Additive manufacturing (AM) for production applications continues to garner a great deal of attention in the press, at gatherings large and small focused on the technology as well as across industry. Developments with metal additive processes tend to dominate conversations about production, but recent announcements from some of the bigger players involved in the plastic additive processes illustrate how this technology is advancing apace. News from 3D Systems, Stratasys and Carbon in the last few weeks illustrates this trend.
Carbon introduced the modular SpeedCell AM system in mid-March. The key here is the modular nature of the system which enables connected manufacturing unit operations for repeatable production of end-use parts at any scale. The system includes an upgraded 3D printer, the M2, which utilizes Carbon’s continuous liquid interface production (CLIP) technology like its predecessor the M1, but scaled up to double the build volume, together with an automated post-processing unit called the Smart Part Washer. As the name suggests, this automatically performs clean-up operations on the parts out of the 3D printer. There are other post-processing stages for this technology platform, so one suspects this is just an initial offering.
This increasing modularity and automation, in combination with the range of materials that the CLIP process can handle, are opening up new production applications—as evidenced by Carbon’s more recent announcement which sees adidas operating what it's calling ‘the largest application of AM’ in the world. To clarify, this is in terms of volume of parts, not part size.
3D Systems and Stratasys, again almost in tandem, released news of commercial production applications of their respective plastic AM platforms following introductory announcements in 2016.
In the summer of last year, Stratasys introduced two new industrially-focused production systems, which they termed ‘3D Demonstrators’—the Composite and the Infinite Build. With the Infinite Build system, Stratasys showed its commitment to offering a large-format manufacturing system and stated it was working with a number of partners to drive the concept into a real-world manufacturing environment. One of these partners is the Ford Motor Company. Results are starting to emerge, with Ford revealing that it has been using the system at its Research and Innovation Center in Dearborn, Michigan.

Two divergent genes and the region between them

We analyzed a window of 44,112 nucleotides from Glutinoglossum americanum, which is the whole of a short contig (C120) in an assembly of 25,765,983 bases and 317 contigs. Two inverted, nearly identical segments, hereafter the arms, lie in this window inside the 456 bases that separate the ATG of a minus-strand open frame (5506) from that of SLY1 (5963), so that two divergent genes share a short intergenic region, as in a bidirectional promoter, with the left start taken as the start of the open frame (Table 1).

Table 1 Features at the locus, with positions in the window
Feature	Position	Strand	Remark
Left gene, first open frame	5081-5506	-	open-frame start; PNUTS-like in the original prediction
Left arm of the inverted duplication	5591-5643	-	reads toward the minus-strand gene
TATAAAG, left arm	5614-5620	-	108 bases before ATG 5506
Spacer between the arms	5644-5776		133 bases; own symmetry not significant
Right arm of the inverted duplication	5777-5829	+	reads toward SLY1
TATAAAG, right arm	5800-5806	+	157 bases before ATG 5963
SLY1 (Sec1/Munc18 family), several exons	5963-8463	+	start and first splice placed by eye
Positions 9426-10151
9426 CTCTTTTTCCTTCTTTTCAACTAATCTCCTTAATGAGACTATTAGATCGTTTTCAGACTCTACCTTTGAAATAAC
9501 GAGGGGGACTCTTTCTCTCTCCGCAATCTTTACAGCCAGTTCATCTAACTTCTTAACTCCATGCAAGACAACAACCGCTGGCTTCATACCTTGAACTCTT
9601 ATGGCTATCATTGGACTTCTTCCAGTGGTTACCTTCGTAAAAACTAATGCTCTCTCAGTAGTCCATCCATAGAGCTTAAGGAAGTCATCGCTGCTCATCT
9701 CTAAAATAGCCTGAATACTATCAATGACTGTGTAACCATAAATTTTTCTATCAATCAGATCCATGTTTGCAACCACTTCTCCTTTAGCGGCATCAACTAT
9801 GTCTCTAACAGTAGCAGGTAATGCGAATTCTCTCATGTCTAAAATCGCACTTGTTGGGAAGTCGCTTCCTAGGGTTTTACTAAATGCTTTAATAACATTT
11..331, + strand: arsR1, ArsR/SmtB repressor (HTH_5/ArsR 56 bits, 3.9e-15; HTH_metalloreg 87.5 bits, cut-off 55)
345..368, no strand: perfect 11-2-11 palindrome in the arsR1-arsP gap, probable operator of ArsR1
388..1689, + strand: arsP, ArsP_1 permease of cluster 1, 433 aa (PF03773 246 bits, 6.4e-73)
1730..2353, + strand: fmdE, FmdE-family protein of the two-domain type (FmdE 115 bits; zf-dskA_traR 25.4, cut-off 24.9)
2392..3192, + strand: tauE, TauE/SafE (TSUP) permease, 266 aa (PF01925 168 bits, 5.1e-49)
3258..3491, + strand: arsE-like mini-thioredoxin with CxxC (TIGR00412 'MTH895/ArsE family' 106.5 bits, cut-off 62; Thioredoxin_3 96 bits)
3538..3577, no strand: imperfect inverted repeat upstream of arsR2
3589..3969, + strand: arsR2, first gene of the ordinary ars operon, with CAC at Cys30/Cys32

3D Systems, meanwhile, announced that it had delivered its first customized Figure 4 system—introduced at IMTS in Chicago last year—to a Fortune 50 industrial customer for an as-yet unspecified production application. The platform is set up to provide modular, scalable and fully-integrated AM capabilities and produce plastic parts ‘more than 50 times faster than current systems’, while dramatically lowering the total cost of operations through automation. If it sounds familiar, that's because it’s a similar approach to Carbon.
As of today, I think 3D Systems has a more comprehensive and holistic manufacturing solution, while Carbon likely still has the edge on production grade materials. Those trade-offs still feature strongly!
3D Systems also showed a vertical specific set-up of the Figure 4 this past month at the International Dental Show (IDS), in Cologne, running NextDent dental-specific materials.
Commercial solutions come at you fast in this industry; watch out for what’s next from Envisiontec with the RAM123 and HP.
Another company that has made serious noises about AM for production is Siemens. For this global conglomerate, the emphasis is on widespread ‘digitalization for industrial manufacturing’. I take a closer look at what that means in a feature article in this issue of Digital Insight.
A recent visit to Xaar’s new Xaar 3D Centre afforded deeper insights into this UK-based global technology company’s commitment to AM technology, centered around the high-speed sintering (HSS) process.
Skills for AM remain on the agenda. It’s an issue that requires ongoing attention. Candice Majewski follows up on her University-focused article from last month, with broader insights from industry and government as discussed at a conference held at the Manufacturing Technology Centre (MTC) in Coventry.
On the events front, this issue covers a review of the Additive Manufacturing Users Group (AMUG) event in Chicago last month from Jez Pullin, AM director at Sartorious, and a preview of the upcoming Materialise World Summit in Belgium in a couple of weeks. Both of these events are cornerstone fixtures on the AM calendar for users looking for serious and in-depth information, not to mention excellent networking opportunities.
If you are not able to leave the office, I hope that you continue to find value in the information here at Disruptive. Always happy to receive constructive feedback either way.